Barbara Melbourne at the Community Foundation of the Great River Bend recently worked with Fran Riley of KWQC-TV, the NBC news affiliate in the Quad Cities (where I grew up), on this fantastic feature that speaks to the essence of philanthropy, and the impact endowments can have to transform a region.
One of my favorite things about the New Year--and the first full week back from the holidays--is to hear about how those end of year appeals went... to dissect what worked, and consider what could be improved. We know that matching gifts and language that focuses on the donor are important. But some of the nonprofit partners we work alongside moved beyond that, and employed some neat things to move the dial on their end of year gifts.
Here's a few things that we think worked, and are ideas you might consider as you look at your annual fund programs in 2016
Matt Ehlman doesn’t really want you to meet him. He wants you to meet everybody else. He’d rather you connect face-to-face with the nonprofits, business owners, musicians, politicians, university presidents, and other folks in the Black Hills of South Dakota, around the United States, and across the seas that he works to bring together. Because, remember: people really are hungry to become a part of something that’s good. And when they join in, communities become better, stronger places.
So, I was happy to read the editorial by Sherry Ristau, the president and CEO of the Community Foundation of the Great River Bend, in today's Quad City Times. As we mark National Philanthropy Day, the editorial is a wonderful reminder of the impact philanthropy can have--in all of its forms--on transforming communities.
As the end of the year draws near, my heart and head is filled with gratitude for the good year it has been. For the people who do good things to make life better for others. For strangers who spread kindness. For friends who offer a sense of balance to the challenges we may face. Perhaps it is fitting, then, that in this season of thanks so many of our nonprofit partners we work with--and countless more all across this country--are hosting their annual gala benefits that raise money for their missions.
On Wednesday afternoon, I had a chance to fly to the Twin Cities of Minneapolis and St. Paul for a meeting on Thursday. As I left my house (after about only 12 hours at home) I got a text from a friends from the Quad Cities--Clare Thompson, a former St. Ambrose University advancement officer who is now working at Ruffalo Noel Levitz, asking if I had time for a conversation about art and culture.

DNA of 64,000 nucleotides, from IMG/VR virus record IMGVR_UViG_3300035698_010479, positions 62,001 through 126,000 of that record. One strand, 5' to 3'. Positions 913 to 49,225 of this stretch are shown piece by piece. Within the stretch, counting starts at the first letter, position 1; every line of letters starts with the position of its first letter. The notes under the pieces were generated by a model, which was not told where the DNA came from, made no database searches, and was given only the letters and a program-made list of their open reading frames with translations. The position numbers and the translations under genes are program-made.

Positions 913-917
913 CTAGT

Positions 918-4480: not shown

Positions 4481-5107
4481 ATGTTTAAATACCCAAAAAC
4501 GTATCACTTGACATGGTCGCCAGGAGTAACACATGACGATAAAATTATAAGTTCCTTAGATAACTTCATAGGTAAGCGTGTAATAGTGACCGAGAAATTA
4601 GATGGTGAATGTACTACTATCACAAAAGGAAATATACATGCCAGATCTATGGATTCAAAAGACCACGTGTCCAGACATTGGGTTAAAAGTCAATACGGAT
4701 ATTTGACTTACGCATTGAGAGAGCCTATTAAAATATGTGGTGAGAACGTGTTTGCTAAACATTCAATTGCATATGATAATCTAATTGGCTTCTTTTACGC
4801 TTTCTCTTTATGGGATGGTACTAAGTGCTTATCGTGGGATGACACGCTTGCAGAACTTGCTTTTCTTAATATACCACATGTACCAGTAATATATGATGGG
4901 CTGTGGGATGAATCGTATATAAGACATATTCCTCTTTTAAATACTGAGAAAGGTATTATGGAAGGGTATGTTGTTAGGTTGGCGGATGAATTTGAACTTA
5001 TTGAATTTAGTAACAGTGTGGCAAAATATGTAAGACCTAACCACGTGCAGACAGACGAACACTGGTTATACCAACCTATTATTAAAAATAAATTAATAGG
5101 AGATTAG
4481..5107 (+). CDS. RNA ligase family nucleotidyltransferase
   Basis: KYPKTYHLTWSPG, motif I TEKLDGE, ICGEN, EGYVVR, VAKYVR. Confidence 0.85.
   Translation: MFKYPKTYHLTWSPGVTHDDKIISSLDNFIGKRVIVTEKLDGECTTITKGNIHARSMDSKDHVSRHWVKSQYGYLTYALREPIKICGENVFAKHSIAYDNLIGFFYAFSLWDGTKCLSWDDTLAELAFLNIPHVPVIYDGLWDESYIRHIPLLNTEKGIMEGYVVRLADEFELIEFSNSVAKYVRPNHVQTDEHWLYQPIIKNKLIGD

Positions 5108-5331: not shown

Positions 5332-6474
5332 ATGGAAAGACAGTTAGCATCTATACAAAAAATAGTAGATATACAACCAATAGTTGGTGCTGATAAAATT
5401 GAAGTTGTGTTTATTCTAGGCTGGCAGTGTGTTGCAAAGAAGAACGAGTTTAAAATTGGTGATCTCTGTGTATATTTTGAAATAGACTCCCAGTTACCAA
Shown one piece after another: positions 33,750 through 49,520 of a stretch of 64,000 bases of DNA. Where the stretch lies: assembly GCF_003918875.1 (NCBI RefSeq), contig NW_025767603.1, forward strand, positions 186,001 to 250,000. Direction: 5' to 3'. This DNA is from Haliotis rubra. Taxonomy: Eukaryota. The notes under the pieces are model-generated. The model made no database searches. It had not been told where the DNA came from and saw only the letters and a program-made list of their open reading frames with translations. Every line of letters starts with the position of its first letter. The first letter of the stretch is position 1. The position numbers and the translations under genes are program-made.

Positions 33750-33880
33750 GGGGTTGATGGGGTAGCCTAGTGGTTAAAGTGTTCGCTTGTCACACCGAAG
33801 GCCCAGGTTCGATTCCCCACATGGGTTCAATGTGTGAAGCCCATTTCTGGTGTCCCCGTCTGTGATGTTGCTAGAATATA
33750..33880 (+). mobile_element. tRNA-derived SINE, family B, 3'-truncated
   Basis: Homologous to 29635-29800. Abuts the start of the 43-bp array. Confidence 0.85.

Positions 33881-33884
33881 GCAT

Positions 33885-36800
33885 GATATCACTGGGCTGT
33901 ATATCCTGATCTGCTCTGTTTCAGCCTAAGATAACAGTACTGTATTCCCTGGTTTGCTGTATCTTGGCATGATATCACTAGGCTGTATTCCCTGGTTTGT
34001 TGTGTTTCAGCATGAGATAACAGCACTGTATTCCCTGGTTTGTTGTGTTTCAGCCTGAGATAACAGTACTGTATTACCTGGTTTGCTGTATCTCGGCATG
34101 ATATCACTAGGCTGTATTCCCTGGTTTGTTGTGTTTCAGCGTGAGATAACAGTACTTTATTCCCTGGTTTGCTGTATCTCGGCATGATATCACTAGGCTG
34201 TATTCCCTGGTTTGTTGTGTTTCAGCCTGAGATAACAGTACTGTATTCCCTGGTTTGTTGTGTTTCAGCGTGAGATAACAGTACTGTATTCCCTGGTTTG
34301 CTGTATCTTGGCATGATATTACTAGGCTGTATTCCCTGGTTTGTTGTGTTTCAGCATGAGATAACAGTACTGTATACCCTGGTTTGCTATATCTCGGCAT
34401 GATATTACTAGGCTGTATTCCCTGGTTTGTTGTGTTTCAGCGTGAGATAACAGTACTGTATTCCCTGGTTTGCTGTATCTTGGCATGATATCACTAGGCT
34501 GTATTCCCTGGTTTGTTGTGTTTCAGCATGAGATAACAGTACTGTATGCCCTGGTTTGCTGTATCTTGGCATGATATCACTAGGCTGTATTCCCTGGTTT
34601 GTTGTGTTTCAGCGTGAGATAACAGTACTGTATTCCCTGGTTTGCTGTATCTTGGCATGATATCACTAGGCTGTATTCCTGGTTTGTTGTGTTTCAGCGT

If the arts are going to take their rightful place as an important weave in the cultural fabric of our towns, cities, and nations, we--as a people--must fuel our minds and our souls with the understanding (or perhaps a better word is "acceptance") that art plays a critical part in how we live our lives, make decisions, and paint a brighter future for all.
We are very excited about a new project with the National Museum of the American Indian (NMAI) at the Smithsonian Institution. Matt and I recently had the privilege of spending a few days with the amazing staff of the museum on the National Mall in Washington, DC and in the Cultural Resource Center in Suitland, Maryland. It is inspiring to spend time with people so passionate and collectively focused on a mission.
Over the last week I was lucky to speak with several of the grant recipients from The Frontier Fund. The projects range from bicyclist safety and young adult alcohol education to engaging youth in mural projects and book clubs.
One story my mind keeps turning to...
On Saturday, Dima and I revved up the Mini Cooper and ventured out of Boston to North Reading, Massachusetts, to attend an afternoon celebration of "everyone who is near and dear to us." There was tons of food, a pool for kids to swim in... even big tents strung with little twinkling lights.
And then there was the small box collecting money, tucked away in the corner.